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Strategies from others for when you are out and about

3.12 Dealing with symptoms when out and about

Supporting someone with socialising and activities outside the home

Take steps to stay engaged in life outside home

Carers have told us that it can be easy for their person and themselves to become socially isolated. Concern about how their person will manage getting transport, finding the way, managing money, communicating and even managing public toilets can all be disincentives to going out.

Anticipating problems is normal but if worries stop you or your person from engaging in activities outside the home, you can quickly spiral into becoming socially isolated, even depressed. One carer warned to be aware if you start avoiding activities you previously enjoyed because of the “what if” questions:

You can take steps to address these potential issues and keep up with activities, friends and family. Social contact boosts your physical and mental health!

What if they say or do the “wrong thing”

It is easy to worry about your person doing the ‘wrong thing’ or not coping when out. Worries include forgetting names, losing the thread of a conversation, mistaking someone for someone else or misinterpreting cues – such as who was next in line to be served. These situations, and more, will occur. The best strategy is to expect them and be prepared to cope with them.

Carers have told us that learning to accept that mistakes occur is important. Correcting the person (when not asked) can embarrass the person and may inflame a situation. Remember stress is infectious and if you get stressed your person will possibly become even more stressed and situations will quickly escalate.

  • Kitty found honesty is always the best policy – she or her husband Cliff will say ”It’s early Alzheimer’s, it’s such a pest of a thing” when things go awry. Kitty tells us that almost everyone has a family member who has, or has had dementia, “99% of the time they get it, and they make allowances”.

If possible, prepare for situations that you know will cause difficulty.

  • Shirley has been going to the same tennis group for 30 years but finds she has difficulty recognising faces. Her tennis girls were happy to wear name tags which avoided embarrassment for Shirley.

Managing other people’s reactions

Sometimes it is not the mistake your person may make, it is other people’s reactions which are unhelpful or even hurtful. This page: 2.8 Sharing the diagnosis with family and friends goes into detail about how to tell other people of the diagnosis, but there will be many other types of interactions with people. It is up to the person with dementia who and how to tell.

  • Brad decided that going out and doing things he enjoys is more important than the occasional odd look or comment. For difficult situations he says “I take a couple of deep breaths and walk away”.

Consider talking to your person about having a buddy. A buddy could be a friend who they normally do things with, who understands dementia and has the confidence to gently step in if required. Buddies can also be paid carers who assist with social and other outings.

Some people, even those you may have considered long-term friends do not cope with the diagnosis. Most carers have told us that while some friends stay, others fall away. If you know this is the case it may be easier to cope with.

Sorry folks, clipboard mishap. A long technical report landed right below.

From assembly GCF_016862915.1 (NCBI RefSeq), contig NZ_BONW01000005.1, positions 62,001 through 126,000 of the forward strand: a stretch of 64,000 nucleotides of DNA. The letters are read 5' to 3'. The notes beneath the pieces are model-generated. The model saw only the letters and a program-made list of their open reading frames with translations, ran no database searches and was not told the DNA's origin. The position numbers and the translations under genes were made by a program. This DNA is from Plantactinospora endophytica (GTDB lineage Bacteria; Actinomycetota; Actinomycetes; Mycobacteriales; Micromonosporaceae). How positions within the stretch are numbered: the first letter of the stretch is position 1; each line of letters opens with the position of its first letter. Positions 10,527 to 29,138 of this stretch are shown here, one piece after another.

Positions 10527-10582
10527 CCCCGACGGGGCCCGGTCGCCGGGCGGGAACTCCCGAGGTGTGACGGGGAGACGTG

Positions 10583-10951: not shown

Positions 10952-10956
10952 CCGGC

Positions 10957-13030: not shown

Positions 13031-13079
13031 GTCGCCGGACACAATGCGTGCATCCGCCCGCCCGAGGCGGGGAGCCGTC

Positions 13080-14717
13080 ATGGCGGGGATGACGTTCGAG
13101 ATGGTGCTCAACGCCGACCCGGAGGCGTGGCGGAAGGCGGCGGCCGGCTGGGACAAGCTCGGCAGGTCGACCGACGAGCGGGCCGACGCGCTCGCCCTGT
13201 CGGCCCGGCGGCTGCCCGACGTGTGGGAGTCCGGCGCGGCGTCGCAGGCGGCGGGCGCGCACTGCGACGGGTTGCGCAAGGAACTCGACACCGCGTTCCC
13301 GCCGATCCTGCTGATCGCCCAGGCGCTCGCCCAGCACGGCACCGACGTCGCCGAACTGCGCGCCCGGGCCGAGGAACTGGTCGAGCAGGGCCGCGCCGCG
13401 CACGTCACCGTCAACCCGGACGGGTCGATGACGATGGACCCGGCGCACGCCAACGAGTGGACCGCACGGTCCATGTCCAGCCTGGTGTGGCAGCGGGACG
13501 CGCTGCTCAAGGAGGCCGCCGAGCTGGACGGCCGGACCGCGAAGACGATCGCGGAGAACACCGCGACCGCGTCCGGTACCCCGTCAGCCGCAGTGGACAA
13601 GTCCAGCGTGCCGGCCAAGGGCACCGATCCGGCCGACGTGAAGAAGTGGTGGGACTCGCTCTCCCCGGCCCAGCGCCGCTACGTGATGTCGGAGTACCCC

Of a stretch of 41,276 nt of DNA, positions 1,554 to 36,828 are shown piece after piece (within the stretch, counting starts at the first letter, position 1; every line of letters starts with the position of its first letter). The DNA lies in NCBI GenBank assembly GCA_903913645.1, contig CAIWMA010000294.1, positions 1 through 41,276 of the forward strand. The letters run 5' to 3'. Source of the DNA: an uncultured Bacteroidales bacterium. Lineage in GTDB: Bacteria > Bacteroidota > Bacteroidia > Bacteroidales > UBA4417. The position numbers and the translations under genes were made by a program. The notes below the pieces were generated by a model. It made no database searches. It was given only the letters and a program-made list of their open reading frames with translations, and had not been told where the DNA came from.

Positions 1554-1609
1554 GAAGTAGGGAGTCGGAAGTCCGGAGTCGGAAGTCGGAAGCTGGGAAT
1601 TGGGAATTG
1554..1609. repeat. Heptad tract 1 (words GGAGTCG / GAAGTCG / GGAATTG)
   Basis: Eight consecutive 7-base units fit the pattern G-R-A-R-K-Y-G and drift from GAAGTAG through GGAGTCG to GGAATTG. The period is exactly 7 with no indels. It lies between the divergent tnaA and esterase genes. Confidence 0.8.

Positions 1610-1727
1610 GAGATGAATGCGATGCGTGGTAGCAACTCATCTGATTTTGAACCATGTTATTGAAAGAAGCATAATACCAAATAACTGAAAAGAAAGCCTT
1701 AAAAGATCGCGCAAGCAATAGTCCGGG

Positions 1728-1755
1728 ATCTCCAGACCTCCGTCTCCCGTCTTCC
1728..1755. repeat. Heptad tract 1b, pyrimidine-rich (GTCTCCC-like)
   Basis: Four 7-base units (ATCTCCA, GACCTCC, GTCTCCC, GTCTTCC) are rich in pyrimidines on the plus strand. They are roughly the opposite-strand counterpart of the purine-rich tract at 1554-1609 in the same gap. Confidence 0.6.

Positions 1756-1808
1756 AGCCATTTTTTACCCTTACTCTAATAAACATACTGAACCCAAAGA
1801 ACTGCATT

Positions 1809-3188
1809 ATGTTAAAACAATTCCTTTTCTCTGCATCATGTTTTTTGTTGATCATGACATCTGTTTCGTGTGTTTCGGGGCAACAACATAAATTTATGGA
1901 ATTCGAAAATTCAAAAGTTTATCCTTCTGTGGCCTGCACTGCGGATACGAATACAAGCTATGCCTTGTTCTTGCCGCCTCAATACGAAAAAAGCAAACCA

Other carers have found that they make new friends, especially within dementia friendly groups. In these groups no explanations are needed and there are staff who understand dementia. They have adjusted to better support the participation of people with dementia. Dementia friendly groups are part of the Dementia Friendly Communities movement. This movement is raising awareness of dementia and working to make communities more inclusive and welcoming.

Concerns about becoming lost

Navigation, especially in new locations can be very challenging for people with dementia. There are ways to help.

  • If your person owns a smartphone there is navigational help for walking and driving. Practise giving voice activated commands. For example, on iphone, the verbal command “Hey Siri, navigate to my parked car/shop/particular address” will show directions via a map on the screen.
  • Use the smartphone to take a photo of where you parked the car, the bus stop or the entrance you used to get into a shopping mall.
  • Dogs can be helpful! Ken found navigating about his new retirement village difficult. He enjoyed a walk but hated always asking his wife to go with him. Ken found walking the dog just before the dog’s dinnertime was a reliable way to get home by a particular time.
  • Make sure there are contact details of a couple of family members and/or friends in the person’s wallet or purse.
  • Show a I have dementia card when asking for assistance; it can avoid giving long explanations.
  • Practise getting to and from frequently visited places.
  • Be your person’s trip buddy or ask someone to be your person’s trip buddy.

Try some strategies

  • Re-read this page and write down some strategies that you think might be helpful to you and your person. Then try them out.
  • Print and use the I have dementia card.

A practical note about toilets

Some people, even early in the course of dementia have difficulty interpreting the stick figure signage for ‘men’s’ and ‘women’s’ toilets. If this is the case:

  • Practice recognising the ‘wheelchair’ sign and use the disabled toilets which are unisex and have room for another person to assist if required.
  • Use the national public toilet map which can help confidence in not being caught short when out and about.